I was out cleaning the coop this morning and right in front of me a rough looking little red hen pecked a shell and proceeded to eat a scrambled egg. I’m all for good chicken feed and a eggs are a great source of protein and other healthy stuff (especially ours). But I’m not about to let the girls start (or continue) to eat eggs. We are not buying feed for them to turn around and eat the eggs too.
That’s what the newspaper would title it. The whole thing would go something like this:
Local Farmer Knocked Out By Cow Pie
At approximately 5:30 am Mr. Lauer found his wife unconscious in the cow pen. “I usually stop out to say goodbye in the morning. I went out early because she forgot her coffee on the counter that morning. She usually has a cup with Caroline, her cow.” said Mr. Lauer. He found Mrs. Lauer laying next to her pitch fork and Caroline her cow was standing next to her looking very concerned. After assessing the situation, Mr. Lauer could see that his wife had finished feeding the cows and started cleaning the barn. The weather has been seasonably cold and the cow pies have froze. Judging by the size of the crater at Mrs. Lauer’s feet and the size of the pie next to her head it was safe to assume that she pried the frozen pie from the ground, which sent it airborne hitting her in the head and knocked her unconscious.
Dream big or sit on the front porch…or… Dream big, grab your hoe and rolling pin and make things happen!
I love that the eggs in our kitchen came from our coop, the raspberries in my scones came from our berry patch, the honey from our hive, the wheat from our field and ground to flour in our kitchen and if I were ever not pregnant when it came time to start milking Lucy and Sweet Caroline there’s potential for fresh dairy products from the barn. That’s just the bakery side of the farm. To say that we are blessed is an amazing understatement, to say we are thankful is the same.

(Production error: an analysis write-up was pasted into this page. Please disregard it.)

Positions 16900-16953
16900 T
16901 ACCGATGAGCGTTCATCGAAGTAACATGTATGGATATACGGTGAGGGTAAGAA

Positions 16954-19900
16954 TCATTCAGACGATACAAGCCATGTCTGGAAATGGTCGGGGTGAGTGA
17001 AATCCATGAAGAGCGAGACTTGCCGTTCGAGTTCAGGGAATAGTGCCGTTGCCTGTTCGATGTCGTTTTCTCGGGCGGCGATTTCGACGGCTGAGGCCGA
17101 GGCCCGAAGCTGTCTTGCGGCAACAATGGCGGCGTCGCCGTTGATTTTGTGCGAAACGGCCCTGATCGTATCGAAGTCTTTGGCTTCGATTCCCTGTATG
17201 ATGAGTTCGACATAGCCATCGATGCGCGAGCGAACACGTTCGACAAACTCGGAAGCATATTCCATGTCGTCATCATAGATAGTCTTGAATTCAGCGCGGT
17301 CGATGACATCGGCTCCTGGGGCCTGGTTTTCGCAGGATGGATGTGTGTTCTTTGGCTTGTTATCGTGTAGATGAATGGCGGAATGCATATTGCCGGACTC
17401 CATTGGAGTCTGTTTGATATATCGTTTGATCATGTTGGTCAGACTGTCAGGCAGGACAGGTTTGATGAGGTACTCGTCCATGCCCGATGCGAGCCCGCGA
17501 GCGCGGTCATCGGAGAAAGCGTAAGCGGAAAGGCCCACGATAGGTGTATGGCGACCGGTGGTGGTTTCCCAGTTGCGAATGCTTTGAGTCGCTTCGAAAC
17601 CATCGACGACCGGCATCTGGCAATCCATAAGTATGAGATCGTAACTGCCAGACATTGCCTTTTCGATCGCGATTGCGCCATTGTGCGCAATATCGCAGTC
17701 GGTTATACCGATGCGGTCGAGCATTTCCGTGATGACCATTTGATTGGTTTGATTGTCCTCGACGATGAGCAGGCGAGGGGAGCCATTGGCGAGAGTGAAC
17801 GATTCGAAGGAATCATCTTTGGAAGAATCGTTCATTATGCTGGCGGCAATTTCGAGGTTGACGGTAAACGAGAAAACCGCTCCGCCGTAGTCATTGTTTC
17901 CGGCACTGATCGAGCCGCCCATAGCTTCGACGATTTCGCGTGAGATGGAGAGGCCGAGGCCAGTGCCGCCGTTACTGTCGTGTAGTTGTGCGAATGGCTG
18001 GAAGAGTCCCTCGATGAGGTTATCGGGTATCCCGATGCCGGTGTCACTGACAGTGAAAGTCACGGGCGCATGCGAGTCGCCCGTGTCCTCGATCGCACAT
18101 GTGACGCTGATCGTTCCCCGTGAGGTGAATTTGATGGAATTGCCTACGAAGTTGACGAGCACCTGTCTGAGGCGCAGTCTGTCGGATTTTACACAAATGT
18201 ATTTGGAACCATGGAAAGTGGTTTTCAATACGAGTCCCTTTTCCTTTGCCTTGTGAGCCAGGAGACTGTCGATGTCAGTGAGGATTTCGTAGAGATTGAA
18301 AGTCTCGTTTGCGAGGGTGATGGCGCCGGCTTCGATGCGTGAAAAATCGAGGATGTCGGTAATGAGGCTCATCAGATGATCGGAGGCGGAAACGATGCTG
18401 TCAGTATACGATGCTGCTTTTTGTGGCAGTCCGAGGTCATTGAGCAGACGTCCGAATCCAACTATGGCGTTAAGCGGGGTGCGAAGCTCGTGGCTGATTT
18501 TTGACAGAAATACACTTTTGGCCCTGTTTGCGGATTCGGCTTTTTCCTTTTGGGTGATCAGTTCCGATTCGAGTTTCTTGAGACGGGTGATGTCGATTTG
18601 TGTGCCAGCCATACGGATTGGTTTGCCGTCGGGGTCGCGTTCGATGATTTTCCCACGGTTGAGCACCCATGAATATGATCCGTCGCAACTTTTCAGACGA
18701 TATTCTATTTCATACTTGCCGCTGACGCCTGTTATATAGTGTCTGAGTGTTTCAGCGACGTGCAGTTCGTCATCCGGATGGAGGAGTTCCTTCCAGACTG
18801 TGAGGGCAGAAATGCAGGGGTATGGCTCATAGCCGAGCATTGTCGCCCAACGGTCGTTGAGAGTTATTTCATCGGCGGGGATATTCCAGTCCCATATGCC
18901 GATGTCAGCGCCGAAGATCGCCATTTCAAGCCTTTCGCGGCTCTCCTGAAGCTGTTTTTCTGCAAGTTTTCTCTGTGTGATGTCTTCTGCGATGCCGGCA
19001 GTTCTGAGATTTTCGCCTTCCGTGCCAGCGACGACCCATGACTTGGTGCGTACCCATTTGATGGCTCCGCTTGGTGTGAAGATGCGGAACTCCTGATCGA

This season was another season of ups and rained on hay but it was good. For the first time I can say that the bread I just took out of the oven is 100% homegrown and homemade. It started last year with the plowing of new ground to prep for the wheat field. Then in the spring, planting. We made it through a pretty dry spring and a wet fall but were able to harvest enough wheat for baking.
I cleaned the grain by hand and sent it through the mill. It was then mixed with water and set on the counter to ferment. Sourdough starter was made. The starter was added to more flour, water, honey and salt. Dough was formed into loaves. I hauled a load of “kitchen wood” from the barn to the house and started a fire. Bread was made.
The most satisfying loaves of bread I have ever baked were shared for supper. There is many thanks to be given for this bread, to my husband Mike, my dad Matt, my mom Dianne and our neighbor Mark. There was tractor work, babysitting, encouragement and support.
Wheezy and I never really got along but we had an understanding. I was the boss and she would get feed and fresh water if she left me alone. She didn’t have this agreement with the rest of the herd though. She was pretty sure that one day she would be queen if she kept running the others out of the feeder or out of her way in general.